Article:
mining stocks do, but it is a pure play on the price of copper. The United States Copper Index Fund (CPER) is an ETF that tracks the daily changes of the SummerHaven Copper Index Total Return.
Like I mentioned, it’s not as lucrative (as you can tell by the small spread in the 52-week range of $19.11 - $30.12), but if you’re bullish on short-term copper prices, it’s a nice tool in your belt. It's not meant as a long-term holding.
Speaking of short versus long term, copper is a cyclical commodity. While 2022 has been a great year based on the current marekt climate, the supply/demand situation should balance next year. RBC Capital analysts are expecting that exact scenario and have predicted prices holding strong at $3.50 a pound throughout 2023.
However, long-term prospects look very, very shiny. Goldman Sachs metals strategist Nicholas Snowdon released a report predicting a rise from $9,300 a tonne to $15,000 a tonne.
But he didn’t stop there…
Snowdon went on to foresee copper reaching
$50,000–$100,000 a tonne! He bases that incredible prediction on the fact that while there are only 1.5 million tonnes of copper used today in EVs, charging infrastructure, and the entire renewable energy sector, by the end of the decade, that could be closer to 7 million tonnes.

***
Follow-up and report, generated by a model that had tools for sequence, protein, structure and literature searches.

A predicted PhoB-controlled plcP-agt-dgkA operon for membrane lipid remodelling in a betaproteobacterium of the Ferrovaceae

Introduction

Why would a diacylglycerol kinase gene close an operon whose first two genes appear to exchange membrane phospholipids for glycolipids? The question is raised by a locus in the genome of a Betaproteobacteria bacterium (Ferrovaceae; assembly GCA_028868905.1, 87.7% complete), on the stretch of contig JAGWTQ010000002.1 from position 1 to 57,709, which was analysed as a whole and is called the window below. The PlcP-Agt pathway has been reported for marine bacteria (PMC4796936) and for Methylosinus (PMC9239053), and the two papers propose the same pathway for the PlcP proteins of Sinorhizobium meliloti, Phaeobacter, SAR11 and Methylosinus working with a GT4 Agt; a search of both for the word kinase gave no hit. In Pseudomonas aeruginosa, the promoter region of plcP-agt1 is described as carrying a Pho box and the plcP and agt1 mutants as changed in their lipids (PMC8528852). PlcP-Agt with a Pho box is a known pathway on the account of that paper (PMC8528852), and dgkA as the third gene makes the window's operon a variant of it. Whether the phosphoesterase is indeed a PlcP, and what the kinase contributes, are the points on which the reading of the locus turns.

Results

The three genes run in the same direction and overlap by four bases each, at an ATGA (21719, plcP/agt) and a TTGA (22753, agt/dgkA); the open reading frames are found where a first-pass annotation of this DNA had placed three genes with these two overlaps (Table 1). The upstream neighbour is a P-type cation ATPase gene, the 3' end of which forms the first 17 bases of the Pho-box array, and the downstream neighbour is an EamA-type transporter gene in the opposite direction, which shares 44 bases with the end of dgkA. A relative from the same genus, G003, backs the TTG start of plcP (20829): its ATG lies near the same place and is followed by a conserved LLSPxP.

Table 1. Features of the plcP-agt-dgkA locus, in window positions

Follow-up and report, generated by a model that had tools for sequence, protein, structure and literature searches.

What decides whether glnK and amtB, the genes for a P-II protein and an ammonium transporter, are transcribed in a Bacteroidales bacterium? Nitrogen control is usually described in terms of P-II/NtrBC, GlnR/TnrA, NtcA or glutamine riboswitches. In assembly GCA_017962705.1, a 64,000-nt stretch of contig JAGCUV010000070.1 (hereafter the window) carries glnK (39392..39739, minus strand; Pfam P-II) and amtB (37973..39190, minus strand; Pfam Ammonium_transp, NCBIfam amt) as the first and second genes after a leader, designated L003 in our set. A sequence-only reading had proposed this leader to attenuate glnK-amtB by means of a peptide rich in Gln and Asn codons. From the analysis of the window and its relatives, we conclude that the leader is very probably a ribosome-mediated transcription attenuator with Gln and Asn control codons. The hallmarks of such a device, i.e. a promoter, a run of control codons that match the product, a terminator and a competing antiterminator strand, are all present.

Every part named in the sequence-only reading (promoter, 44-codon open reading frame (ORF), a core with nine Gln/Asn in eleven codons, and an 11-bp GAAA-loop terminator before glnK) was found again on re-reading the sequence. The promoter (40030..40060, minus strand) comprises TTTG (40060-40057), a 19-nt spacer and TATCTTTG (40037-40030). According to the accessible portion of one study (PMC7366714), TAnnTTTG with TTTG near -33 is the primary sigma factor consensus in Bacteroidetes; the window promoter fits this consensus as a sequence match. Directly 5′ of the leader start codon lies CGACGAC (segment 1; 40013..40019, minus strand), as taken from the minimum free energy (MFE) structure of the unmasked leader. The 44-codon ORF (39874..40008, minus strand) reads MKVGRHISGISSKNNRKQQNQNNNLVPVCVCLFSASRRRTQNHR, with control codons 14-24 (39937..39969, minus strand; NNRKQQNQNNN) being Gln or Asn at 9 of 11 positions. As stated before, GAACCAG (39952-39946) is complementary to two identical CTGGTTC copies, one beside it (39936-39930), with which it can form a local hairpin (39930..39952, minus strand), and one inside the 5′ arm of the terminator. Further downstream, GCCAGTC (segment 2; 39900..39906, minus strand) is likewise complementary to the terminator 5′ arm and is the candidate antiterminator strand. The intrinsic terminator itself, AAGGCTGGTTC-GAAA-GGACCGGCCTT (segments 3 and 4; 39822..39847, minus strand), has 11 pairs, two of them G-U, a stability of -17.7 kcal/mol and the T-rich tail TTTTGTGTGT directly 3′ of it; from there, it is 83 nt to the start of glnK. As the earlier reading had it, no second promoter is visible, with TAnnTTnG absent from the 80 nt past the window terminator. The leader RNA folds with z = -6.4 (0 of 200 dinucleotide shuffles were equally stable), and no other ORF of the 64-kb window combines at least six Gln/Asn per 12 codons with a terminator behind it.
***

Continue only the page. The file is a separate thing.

When we look at the outlook for the copper market over the course of the next three, five, 10 years, what we see are essentially impossibly large deficits developing over that time frame. By the middle of this decade, we’re forecasting the largest ever deficit in the copper market. This market has such severe imbalances that they’re not resolvable at current price levels.
That’s the crux of the issue in the copper market. It’s just an impossibly tight future. At today’s price, there’s no fundamental adjustment underway that that can meaningfully solve what lies ahead.
While that seems like a wildly bullish picture, the fact remains that we’re going to need more copper in the years ahead, and you should certainly hold some in your portfolio.
But speaking of materials that are crucial to electric vehicles, there is one rare resource that every car company in the world will need to survive — and it’s NOT copper. It's not even lithium, platinum, cobalt, or nickel. In fact, you've probably never heard of it before.
However, it is absolutely
critical to the entire industry going forward. Elon Musk himself said, "It’s the way all electric cars in the future will be made."
My colleague Luke Burgess just discovered a $1 company that just secured 100% of the rights to mine the largest reserve of this resource right here in the Western Hemisphere. The possibilities will be endless once this new battery becomes the industry standard.
Here's everything you need to know.